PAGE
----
the flowers in the cluster as possible, but success is not always
certain; when there is doubt, the uncertain flower should be removed
from the cluster.

The flower from which the pollen is to be taken must be protected from
wind and insects; otherwise pollen from another flower may be left on
it. Protection should be given by tying the flowers in a bag while
still in bud. There are various ways of obtaining pollen from ripe
anthers and applying it to the stigma of the flowers to be crossed.
The simplest is to crush the anthers, thus squeezing out the pollen,
after which, with a brush, scalpel or other instrument, it may be
placed upon the stigma. A brush is very wasteful of pollen and often
becomes a source of contamination to future crosses, so that the
scalpel is the better implement of the two. When pollen is plentiful,
as will usually be the case when a man is working with vines in his
own vineyard, by far the best method is to take the cluster from the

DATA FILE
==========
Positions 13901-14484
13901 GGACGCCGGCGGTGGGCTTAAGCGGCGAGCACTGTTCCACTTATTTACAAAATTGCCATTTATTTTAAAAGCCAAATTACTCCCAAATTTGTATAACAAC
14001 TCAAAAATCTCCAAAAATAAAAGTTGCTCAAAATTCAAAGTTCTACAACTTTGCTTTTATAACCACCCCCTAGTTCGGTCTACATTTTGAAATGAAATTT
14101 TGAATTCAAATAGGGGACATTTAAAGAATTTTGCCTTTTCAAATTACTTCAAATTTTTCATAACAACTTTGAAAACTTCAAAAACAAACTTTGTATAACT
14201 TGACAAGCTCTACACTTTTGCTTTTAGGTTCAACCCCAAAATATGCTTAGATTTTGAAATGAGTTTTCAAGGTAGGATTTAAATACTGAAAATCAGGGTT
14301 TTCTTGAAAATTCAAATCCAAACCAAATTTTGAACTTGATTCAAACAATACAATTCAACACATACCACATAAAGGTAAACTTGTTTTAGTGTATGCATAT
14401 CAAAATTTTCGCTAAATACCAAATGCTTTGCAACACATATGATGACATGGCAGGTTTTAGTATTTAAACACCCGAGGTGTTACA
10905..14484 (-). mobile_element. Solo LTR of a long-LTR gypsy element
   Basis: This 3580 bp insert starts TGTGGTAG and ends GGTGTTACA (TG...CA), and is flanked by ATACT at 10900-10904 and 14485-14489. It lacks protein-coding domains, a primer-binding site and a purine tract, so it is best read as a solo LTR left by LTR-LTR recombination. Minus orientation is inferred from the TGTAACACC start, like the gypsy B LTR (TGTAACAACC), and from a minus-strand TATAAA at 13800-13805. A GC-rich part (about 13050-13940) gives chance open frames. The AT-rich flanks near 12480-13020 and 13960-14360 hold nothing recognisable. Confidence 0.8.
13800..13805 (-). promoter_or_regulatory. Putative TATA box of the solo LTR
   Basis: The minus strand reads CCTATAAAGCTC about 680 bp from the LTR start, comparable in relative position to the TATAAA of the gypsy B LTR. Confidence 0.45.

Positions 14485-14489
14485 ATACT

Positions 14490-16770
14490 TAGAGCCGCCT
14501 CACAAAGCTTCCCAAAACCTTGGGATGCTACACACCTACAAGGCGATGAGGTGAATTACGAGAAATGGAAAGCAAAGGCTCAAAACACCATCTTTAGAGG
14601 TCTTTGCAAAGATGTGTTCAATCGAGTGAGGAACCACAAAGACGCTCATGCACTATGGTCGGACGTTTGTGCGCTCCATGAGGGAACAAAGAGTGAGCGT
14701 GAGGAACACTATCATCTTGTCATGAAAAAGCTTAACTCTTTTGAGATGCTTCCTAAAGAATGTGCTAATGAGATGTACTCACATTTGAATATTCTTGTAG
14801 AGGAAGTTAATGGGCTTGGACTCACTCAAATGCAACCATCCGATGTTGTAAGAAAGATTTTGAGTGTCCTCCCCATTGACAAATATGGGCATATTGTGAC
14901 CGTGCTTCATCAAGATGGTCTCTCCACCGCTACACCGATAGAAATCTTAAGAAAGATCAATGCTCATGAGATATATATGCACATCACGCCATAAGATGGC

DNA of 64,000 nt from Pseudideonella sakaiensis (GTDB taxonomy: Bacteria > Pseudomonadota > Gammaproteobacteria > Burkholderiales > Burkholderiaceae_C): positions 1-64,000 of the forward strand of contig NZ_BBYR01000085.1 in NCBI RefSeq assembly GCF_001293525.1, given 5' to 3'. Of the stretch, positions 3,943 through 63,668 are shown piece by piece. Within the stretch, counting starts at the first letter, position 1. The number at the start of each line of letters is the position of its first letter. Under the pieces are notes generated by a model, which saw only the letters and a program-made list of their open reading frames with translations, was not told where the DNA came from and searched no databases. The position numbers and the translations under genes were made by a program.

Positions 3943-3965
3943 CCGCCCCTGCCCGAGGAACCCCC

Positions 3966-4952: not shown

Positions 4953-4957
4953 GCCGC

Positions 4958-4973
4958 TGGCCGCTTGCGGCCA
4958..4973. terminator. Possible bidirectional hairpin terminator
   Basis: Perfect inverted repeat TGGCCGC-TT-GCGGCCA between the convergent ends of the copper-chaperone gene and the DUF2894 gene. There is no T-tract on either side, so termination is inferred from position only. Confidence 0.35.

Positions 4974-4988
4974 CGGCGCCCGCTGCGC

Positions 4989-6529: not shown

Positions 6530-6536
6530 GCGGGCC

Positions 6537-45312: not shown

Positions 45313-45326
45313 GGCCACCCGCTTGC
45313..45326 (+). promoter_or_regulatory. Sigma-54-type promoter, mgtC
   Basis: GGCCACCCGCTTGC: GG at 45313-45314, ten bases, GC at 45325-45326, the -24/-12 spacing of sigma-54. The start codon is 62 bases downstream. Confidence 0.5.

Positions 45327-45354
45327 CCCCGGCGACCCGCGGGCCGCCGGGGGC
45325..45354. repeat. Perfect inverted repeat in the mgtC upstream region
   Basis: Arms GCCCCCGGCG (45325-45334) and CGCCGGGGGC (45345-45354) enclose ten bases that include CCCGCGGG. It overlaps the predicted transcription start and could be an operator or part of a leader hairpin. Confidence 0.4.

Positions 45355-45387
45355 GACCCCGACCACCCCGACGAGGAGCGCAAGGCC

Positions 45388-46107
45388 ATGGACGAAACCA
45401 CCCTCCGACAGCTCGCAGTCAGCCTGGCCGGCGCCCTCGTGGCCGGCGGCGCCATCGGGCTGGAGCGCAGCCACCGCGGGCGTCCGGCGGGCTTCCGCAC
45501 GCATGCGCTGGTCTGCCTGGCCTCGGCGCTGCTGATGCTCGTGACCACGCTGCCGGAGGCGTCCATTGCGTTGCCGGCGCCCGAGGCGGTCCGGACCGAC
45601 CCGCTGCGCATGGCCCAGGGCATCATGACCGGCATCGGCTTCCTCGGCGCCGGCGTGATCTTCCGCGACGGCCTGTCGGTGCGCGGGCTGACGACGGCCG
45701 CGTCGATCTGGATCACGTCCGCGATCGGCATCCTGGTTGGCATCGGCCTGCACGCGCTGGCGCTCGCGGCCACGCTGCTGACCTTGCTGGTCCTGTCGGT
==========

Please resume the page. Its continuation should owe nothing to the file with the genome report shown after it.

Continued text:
male vine and apply the pollen directly to the stigma of the flower to
be crossed, thereby making certain of fresh pollen and an abundance of
it. The stigma, if pollen suffice, should be covered with pollen.

Grape pollen does not keep well and an effort should be made to have
it as fresh as possible. The work of pollination is best performed in
bright, sunny weather when the pollen is very dry. As may be seen from
the foregoing statements, tools and methods are of less importance
than care in doing the work. The only tool absolutely necessary is a
pair of forceps, although a hand-lens is often helpful. Bags for